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Early response to anti-TNF predicts long-term outcomes including sustained remission: an analysis of the BSRBR-RA


Hamann PDH1, Pauling JD2, McHugh N2, Hyrich K3,4, Shaddick G5. Rheumatology (Oxford). 2019 Nov 12. pii: kez518. doi: 10.1093/rheumatology/kez518. [Epub ahead of print]

Author Information

1 Musculoskeletal Research Unit, University of Bristol, Bristol.

2 Department of Pharmacy and Pharmacology, University of Bath, Bath.

3 Division of Musculoskeletal and Dermatological Sciences, University of Manchester, Manchester.

4 National Institute of Health Research Musculoskeletal Biomedical Research Centre, Manchester University NHS Foundation Trust, Manchester Academic Health Science, Manchester, UK.

5 Department of Mathematics, University of Exeter, Exeter.



To identify different trajectories of disease activity in patients with RA following initiation of a first anti-TNF.


Patients with RA starting their first anti-TNF between 2001 and 2013 were selected from the British Society for Rheumatology Biologics Register for RA. Six-monthly DAS28-ESR scores were used to identify trajectories of disease activity using latent class modelling. Data were included for six follow-ups after registration (approximately 3 years). Subgroup analysis examined changes in disease activity profiles over time.


A total of 14 436 patients with RA starting their first anti-TNF were enrolled between 2001 and 2013 (13 115 between 2001 and 2008, 1321 between 2010 and 2013). The mean number of DAS28-ESR scores was 3.5/patient (s.d. 2.1), with a mean of 184.9 days (s.d. 69.9) between scores. The DAS28-ESR nadir was achieved within 250 days of commencing anti-TNF, although apparent trajectory divergence emerged by first 6-monthly follow-up at 180 days. Four distinct response trajectories comprised the most stable model. Most patients fitted into 'modest' (7986 patients; 55.3%) or 'substantial' (4676 patients; 32.4%) response trajectories. Of the remainder, 1254 (8.7%) and 520 (3.6%) fitted 'maximal' and 'minimal' response trajectories, respectively. There was a significant (P < 0.01) increase in proportion achieving 'maximal' response between 2001-2008 and 2010-2013.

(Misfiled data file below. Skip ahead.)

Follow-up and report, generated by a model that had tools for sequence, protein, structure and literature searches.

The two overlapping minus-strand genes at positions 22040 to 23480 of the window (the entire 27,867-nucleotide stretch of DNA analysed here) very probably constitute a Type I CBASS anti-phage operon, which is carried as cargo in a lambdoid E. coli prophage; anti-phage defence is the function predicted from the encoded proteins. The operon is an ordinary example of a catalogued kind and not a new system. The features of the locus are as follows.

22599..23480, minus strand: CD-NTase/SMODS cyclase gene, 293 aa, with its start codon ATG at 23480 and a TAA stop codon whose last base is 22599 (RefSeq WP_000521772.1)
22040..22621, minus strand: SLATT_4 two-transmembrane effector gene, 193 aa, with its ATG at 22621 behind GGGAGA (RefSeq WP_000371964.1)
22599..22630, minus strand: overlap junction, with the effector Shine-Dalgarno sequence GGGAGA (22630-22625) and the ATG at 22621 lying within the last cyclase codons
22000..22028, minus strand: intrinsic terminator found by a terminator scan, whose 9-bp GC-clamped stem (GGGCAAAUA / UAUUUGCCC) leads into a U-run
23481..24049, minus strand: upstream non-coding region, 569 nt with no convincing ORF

This is the largest study to identify long-term response trajectories with anti-TNF. By 6 months, longer-term trajectory profiles of DAS28 could already be identified, with many patients identified earlier. The majority of patients had persistent moderate response, equivalent to maintained DAS28-ESR moderate disease activity. The maximal response trajectory (equivalent to sustained DAS2-ESR remission) was only achieved by approximately one-third of patients.